The 1988 Leslie Nielsen comedy is back on the shelves in a brand new box. But instead of the iconic cop-riding-the-bullet image, this home version features our hero sitting down next to a beaver. It makes you wonder, is that indicative of the release?
The Naked Gun: From the Files of Police Squad! is a classic. Either you grew up with it and love it, or you and I are different ages. It’s a comic staple, an institution...but is it good? Well, it’s in high definition now thanks to Best Buy’s exclusive release. Let’s see whether or not the other retailers are missing out.
The Naked Gun opens in a foreign land where a long table is surrounded by evildoers who would make Adam West’s Batman go running for the Batcopter. These guys are the real deal. Instead of jokers like The Joker or the slippery Penguin, this company of criminals includes Arafat, Khadafi, Gorbachev, and Idi Amin. Who could save us from a threat of this ilk? Maybe Christian Bale Batman? I don’t know, "no jurisdiction" or not, Beirut is pretty far from Gotham. But then it happens: the man serving the tea reveals himself to be none other than Frank Drebin (Leslie Nielsen)! With a well-placed hot-tea-pot-on-the-hand maneuver and a good scrub of Gorbachev’s “birthmark,” this lieutenant from Police Squad takes them all down. We’re clearly in for an adventure.
The trailer promises “O.J. Simpson as you’ve never seen him before” -- it’s an interesting phenomenon that happens here, because depending on your age, you either knew him as a football star or an alleged murderer, but not as Nordberg the accident-prone cop. His opening scene has some of the best gags of the film and also introduces us to the villainous Vincent Ludwig, played by Ricardo Montalban. Interestingly enough, Montalban plays him pretty straight, as opposed to the more melodramatic villains that he’s known for, such as Star Trek’s Kahn.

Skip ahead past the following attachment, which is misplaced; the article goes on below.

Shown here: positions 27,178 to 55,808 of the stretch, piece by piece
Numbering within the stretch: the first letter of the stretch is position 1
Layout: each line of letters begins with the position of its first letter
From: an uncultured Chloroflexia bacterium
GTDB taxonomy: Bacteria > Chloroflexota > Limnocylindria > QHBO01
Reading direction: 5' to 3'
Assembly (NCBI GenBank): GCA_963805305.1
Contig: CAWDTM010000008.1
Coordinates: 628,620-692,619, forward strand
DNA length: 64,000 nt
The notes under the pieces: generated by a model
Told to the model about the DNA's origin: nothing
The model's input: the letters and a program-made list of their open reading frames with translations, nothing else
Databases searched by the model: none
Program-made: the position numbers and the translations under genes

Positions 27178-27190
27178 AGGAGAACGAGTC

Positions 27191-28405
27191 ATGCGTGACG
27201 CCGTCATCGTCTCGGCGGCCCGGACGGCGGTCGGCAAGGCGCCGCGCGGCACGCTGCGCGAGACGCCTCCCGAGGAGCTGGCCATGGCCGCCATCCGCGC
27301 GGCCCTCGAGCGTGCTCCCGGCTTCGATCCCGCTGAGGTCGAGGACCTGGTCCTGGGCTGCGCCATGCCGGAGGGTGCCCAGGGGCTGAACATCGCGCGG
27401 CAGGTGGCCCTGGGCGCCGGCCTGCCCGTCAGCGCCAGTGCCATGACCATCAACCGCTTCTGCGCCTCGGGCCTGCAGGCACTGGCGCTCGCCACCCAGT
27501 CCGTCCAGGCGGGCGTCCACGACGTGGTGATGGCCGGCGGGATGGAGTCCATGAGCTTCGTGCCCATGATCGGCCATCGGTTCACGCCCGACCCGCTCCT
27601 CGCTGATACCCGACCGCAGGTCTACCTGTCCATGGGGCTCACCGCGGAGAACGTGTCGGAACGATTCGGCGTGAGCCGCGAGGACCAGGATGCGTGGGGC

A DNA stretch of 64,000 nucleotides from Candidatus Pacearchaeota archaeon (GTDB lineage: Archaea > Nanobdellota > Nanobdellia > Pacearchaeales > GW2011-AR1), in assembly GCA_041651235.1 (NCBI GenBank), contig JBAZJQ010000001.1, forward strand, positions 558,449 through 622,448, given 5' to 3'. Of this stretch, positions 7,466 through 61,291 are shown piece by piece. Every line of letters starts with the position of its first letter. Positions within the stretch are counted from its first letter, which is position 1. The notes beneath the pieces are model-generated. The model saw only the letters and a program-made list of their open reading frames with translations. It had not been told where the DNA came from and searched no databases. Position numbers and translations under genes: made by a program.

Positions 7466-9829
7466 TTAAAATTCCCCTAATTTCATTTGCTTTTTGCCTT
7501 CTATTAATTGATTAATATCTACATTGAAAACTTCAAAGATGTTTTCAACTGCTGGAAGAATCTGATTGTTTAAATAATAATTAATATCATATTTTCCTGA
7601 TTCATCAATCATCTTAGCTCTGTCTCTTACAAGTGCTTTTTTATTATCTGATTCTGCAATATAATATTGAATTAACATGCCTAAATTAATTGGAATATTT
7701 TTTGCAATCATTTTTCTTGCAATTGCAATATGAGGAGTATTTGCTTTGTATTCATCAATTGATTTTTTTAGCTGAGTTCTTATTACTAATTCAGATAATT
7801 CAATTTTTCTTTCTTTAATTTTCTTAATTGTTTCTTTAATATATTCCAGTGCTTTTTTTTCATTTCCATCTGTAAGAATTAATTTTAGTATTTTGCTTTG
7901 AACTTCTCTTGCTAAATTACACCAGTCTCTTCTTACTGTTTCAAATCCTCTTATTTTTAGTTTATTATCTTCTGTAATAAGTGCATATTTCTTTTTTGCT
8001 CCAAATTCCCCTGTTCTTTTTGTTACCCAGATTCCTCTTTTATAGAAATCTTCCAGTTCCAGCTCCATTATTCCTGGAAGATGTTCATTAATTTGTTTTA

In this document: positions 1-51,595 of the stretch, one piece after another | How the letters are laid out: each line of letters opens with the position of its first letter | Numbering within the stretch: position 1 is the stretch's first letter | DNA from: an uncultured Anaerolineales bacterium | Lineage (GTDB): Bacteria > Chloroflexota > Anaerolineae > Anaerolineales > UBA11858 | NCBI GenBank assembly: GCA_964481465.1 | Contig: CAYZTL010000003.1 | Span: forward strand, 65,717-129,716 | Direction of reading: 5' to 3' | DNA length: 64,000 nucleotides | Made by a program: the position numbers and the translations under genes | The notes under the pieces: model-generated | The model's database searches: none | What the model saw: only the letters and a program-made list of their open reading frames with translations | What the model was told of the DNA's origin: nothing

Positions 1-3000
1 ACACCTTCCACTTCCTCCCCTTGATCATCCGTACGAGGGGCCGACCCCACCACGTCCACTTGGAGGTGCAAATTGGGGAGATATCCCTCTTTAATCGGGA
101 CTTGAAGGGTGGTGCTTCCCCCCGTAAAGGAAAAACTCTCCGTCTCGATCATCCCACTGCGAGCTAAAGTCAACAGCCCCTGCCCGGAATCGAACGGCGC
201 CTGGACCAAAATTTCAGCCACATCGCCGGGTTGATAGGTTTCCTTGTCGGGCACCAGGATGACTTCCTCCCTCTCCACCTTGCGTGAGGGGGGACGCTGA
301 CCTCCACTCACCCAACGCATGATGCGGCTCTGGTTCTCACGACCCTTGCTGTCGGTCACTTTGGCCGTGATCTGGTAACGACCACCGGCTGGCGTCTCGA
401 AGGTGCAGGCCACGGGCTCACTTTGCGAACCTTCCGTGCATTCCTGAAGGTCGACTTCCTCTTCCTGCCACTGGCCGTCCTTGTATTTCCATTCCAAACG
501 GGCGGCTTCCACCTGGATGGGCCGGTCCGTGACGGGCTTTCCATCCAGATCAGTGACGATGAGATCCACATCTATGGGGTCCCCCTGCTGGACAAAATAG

Investigating the attack on Norberg, Drebin meets the lovely Jane Spencer, who works for Ludwig. Priscilla Presley plays this love interest with brilliant simplicity. The plot thickens, as they tend to do, when Frank uncovers that Ludwig is planning to kill Queen Elizabeth II at a baseball game. And as its Randy Newman song can attest to, it’s one of the best third acts in movie history.
The Naked Gun is a goofball, but it’s our goofball. It has pee jokes, beaver jokes, rolling-around-in-giant-condoms jokes, and it still remains a class act. It’s refreshing to see a comedy from a time when gross-out gags wore a suit and there wasn’t any CGI to hide behind. This is comedy, not the old-fashioned way, but the honest way. For comedy, I’ll take a gymnast doing cartwheels in a wig over a digital head replacement any day. Maybe it’s not as uproarious as Airplane!, but airplanes can fly, so who can blame a cop for being a little more grounded? Did I thoroughly enjoy every second of this film? Maybe not this past viewing, but I’ve loved it since 1988, so which is more important? If you’ve seen this movie countless times maybe it’s getting a little dusty, but if you’ve never had a ride along with Leslie Nielsen and the hilarious George Kennedy, do yourself a favor, hit the siren, and ride the lights.
Besides the box being spectacularly decked out with a hologram, there’s not much flair inside. What we have is a theatrical trailer and a commentary by writer/director David Zucker, producer Robert Weiss, and Peter Tilden. This commentary, though available on a previous release, is amazing. It’s as entertaining as the film itself and provides great insight and historical context. It even points out cultural references that people watching it after 1988 might not get. O.J.’s “situation” is addressed, and fantastically so.
The sound and image quality is fine, but on the lower end of fine. I don’t know if I expect every older film to look fantastic, but if the first DVD of Apocalypse Now can look like it was shot this week, then perhaps there’s an argument that Naked Gun could look better on Blu-Ray than this. It’s totally acceptable as a copy of the film but it’s not a presentation that's going to impress fans. As the commentary reveals, there are a substantial number of deleted scenes and even an alternate ending, but none of these appear on this disc. Also, I can only assume there are heaps of rights issues in the way, but a look at Police Squad!, the show on which the movie is based, would have been great.
There are a lot of comedy nerds out there, and we all want to learn about the films that informed our sense of humor when we were kids. The Naked Gun is one of the greats, but this Blu-Ray release feels a little naked.